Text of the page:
Transtheoretical Model

The Transtheoretical Model (TTM) was originally developed to understand behaviour change related to smoking cessation (Prochaska and DiClemente, 1983), but has since been applied to exercise behaviour (Prochaska and Marcus, 1994). Interventions based on the TTM have been effective in promoting and maintaining physical activity (Marcus, et al., 1992a; Marcus, et al., 1998a, 1998b; Bock, et al., 2001). The model proposes that individuals attempting to change their physical activity behaviour progress through five stages (Marcus and Simkin, 1994). The stages differ according to an individual's intention and behaviour and have been labelled as follows:

• Precontemplation (inactive and no intention to change);

• Contemplation (inactive, but intending to change in the next six months);

• Preparation (engaging in some activity, but not regularly);

• Action (regularly physically active, but only began in the past six months);

• Maintenance (regularly active for more than six months).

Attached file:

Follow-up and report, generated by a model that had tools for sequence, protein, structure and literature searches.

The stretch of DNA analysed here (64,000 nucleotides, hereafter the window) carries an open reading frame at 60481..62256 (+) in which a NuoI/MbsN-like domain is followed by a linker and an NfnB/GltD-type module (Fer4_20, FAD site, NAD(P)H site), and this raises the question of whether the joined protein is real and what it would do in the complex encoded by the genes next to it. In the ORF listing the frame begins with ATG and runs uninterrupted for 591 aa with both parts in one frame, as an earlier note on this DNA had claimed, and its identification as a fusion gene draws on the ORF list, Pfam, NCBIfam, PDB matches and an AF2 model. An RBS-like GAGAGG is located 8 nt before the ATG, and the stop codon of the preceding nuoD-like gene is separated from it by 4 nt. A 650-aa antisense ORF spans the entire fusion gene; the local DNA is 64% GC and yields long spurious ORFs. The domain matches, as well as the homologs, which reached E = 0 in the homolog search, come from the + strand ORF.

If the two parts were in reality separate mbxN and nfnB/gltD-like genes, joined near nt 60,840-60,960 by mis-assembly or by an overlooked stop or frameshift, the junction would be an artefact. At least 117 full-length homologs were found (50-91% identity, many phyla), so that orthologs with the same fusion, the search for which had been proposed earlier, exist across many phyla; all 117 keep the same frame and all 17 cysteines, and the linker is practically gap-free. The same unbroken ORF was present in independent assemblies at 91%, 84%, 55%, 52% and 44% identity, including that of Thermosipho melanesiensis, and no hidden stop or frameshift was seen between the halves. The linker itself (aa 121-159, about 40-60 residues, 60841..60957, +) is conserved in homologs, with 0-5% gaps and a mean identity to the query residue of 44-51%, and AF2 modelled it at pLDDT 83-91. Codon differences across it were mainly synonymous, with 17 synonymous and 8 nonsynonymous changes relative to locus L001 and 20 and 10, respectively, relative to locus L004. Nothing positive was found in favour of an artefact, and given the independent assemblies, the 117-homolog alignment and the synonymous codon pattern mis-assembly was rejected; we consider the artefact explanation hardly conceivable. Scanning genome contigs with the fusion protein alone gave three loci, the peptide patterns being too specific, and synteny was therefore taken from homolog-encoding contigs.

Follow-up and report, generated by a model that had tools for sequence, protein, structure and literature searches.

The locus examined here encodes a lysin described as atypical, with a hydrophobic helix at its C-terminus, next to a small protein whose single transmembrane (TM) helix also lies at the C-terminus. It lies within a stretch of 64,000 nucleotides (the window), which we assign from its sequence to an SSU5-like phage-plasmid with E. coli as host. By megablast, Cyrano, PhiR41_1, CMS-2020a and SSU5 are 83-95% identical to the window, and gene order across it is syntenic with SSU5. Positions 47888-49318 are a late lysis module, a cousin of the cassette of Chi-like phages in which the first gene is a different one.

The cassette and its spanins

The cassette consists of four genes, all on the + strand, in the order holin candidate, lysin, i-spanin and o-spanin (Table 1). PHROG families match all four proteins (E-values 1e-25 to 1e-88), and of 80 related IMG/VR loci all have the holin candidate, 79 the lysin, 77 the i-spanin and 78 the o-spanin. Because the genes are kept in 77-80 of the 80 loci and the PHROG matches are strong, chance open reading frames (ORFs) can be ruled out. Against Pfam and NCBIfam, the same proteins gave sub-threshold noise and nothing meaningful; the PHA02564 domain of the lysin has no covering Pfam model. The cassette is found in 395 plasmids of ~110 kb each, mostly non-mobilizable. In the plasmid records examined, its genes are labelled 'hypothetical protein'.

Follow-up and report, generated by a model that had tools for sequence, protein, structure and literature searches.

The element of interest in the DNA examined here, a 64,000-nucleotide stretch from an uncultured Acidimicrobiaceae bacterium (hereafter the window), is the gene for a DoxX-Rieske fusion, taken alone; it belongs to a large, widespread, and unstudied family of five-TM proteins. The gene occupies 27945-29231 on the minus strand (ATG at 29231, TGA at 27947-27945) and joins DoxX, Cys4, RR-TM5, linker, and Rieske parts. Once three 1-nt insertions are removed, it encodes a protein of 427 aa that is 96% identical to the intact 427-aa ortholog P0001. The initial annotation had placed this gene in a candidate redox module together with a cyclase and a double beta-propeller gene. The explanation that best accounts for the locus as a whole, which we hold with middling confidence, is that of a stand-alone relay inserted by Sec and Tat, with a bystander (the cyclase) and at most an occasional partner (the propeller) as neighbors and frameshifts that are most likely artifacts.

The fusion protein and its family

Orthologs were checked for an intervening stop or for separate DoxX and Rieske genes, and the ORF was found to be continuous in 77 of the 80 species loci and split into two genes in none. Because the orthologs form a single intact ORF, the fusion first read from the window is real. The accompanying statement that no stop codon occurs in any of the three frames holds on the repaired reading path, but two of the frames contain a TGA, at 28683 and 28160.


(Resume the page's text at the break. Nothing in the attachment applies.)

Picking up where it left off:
Movement through these stages often occurs in a cyclic pattern because many individuals relapse to an earlier stage when attempting behaviour change.

Three components of the TTM are hypothesised to mediate the behaviour change process: the decisional balance, self-efficacy and the processes of change. Decisional balance involves a comparison of the perceived pros and cons of engaging in behaviour. Studies have demonstrated a significant relationship between exercise adherence and perceived pros and cons of exercise in patients with CHD (Tirrell and Hart, 1980; Robertson and Keller, 1992; Hellman, 1997).A recent meta-analysis (Marshall and Biddle, 2001) found that the decisional balance is related to the stage of exercise behaviour change as depicted in Figure 8.1.

The pros of exercise increase with advancing stage of change, with the largest increase evident from the precontemplation to the contemplation stage. The perceived cons of change decrease across the stages, with the most pronounced decline occurring from precontemplation to contemplation. Therefore, it seems that increasing perception of the pros and decreasing perception of the cons of exercise are important to increase physical activity. Similarly, Hellman (1997) reported a decline in the perceived costs of exercise and an increase in the perceived benefits of exercise, with advancing stage of change in a group of patients who had previously attended in-patient CR.